ارزیابی ارگونومیک کتاب های الکترونیکی سه نمایش محبوب چینی برای خواندن طولانی مدت
|کد مقاله||سال انتشار||تعداد صفحات مقاله انگلیسی||ترجمه فارسی|
|7808||2007||10 صفحه PDF||سفارش دهید|
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Publisher : Elsevier - Science Direct (الزویر - ساینس دایرکت)
Journal : International Journal of Industrial Ergonomics, Volume 37, Issues 9–10, September–October 2007, Pages 761–770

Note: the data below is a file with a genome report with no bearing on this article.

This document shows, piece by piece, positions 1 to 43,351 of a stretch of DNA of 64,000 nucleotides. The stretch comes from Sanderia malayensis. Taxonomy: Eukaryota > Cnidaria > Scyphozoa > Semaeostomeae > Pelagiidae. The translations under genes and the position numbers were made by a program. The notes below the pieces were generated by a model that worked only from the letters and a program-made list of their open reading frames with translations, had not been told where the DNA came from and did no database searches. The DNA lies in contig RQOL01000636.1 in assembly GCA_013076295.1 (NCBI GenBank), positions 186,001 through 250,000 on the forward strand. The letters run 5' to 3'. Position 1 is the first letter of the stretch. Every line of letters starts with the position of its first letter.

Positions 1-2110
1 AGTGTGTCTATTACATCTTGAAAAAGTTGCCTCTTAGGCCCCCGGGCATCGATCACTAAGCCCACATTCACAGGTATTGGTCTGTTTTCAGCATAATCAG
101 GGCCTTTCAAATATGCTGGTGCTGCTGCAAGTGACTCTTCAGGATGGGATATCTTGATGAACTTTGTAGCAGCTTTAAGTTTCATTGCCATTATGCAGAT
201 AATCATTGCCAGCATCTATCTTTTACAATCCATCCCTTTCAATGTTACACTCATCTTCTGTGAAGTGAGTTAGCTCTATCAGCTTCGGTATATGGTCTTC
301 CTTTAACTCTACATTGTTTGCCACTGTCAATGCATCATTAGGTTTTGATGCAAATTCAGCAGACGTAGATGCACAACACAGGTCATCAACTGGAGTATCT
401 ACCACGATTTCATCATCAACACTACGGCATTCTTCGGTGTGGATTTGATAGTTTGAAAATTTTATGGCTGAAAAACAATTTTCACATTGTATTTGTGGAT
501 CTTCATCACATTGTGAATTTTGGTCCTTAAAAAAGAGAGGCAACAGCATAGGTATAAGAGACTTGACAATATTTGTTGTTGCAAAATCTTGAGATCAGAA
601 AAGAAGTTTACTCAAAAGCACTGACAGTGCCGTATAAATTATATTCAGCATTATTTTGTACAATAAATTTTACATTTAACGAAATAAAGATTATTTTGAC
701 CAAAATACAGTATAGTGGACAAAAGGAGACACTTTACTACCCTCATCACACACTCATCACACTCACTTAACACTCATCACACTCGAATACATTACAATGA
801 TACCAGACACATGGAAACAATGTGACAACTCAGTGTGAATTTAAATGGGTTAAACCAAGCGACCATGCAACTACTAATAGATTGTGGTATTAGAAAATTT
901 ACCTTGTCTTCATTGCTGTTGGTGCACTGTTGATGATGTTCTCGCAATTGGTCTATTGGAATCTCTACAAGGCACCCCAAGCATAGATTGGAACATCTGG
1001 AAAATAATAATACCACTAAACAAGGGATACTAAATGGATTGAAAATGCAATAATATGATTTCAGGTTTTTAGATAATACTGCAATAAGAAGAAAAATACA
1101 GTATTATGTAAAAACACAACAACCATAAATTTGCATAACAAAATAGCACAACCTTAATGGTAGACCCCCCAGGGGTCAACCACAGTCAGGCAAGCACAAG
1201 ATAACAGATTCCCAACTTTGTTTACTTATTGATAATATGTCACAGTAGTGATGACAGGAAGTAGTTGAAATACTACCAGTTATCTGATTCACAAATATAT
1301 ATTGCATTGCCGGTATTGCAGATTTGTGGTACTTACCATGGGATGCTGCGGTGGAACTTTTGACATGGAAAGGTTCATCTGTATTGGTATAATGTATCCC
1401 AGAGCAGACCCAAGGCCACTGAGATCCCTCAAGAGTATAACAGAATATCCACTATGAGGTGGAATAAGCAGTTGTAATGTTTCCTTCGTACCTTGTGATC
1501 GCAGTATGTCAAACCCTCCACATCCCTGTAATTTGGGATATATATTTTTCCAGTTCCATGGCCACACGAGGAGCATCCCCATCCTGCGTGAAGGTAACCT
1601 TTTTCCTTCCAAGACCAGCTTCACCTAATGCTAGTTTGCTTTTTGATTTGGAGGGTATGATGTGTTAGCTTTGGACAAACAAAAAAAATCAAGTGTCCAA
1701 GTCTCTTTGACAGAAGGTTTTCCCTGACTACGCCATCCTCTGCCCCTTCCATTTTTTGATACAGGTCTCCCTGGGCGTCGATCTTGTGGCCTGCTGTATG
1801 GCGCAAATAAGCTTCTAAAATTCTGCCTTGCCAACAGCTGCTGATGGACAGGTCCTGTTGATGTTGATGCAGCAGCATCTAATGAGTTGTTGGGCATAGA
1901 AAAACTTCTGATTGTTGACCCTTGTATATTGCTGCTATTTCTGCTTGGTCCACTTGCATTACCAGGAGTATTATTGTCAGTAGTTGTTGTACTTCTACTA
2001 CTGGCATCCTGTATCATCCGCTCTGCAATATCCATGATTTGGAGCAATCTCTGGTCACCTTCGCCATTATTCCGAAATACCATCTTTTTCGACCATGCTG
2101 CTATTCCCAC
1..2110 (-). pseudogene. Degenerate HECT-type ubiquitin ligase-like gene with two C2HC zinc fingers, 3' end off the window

This research has highlighted the importance of the prolonged reading of e-book displays, and three popular e-book displays including a personal digital assistant (PDA), an e-book reader (Reader), and a notebook computer (NB) were evaluated in ergonomic perspective. Twenty-two university students (11 males and 11 females) participated in the formal experiment. They performed three 100-min reading trials with a different display for each trial. Visual fatigue, reading performance, and subjective satisfaction were collected at the end of each trial. The results are as follows: first, visual fatigue was significantly greater when subjects read from the PDA compared with the other two displays. Second, reading speed and accuracy rate were not significantly different among the three displays. Third, female subjects tended to have better reading performance than male subjects did. Finally, the subjects preferred the NB to the other two displays, because the NB had the highest satisfaction ratings in text legibility, luminance contrast, and screen size. Furthermore, some recommendations were provided to select or design an adequate e-book display for prolonged reading. Relevance to industry With the increase in e-books publications, various e-book displays and their sales have continuously grown in recent years. For designing a good e-book display, it is necessary to understand what factors would affect user performances, visual fatigue, and satisfaction. Moreover, the significant effect of character size and screen size on visual fatigue and satisfaction may assist in improving e-book display related consumer products.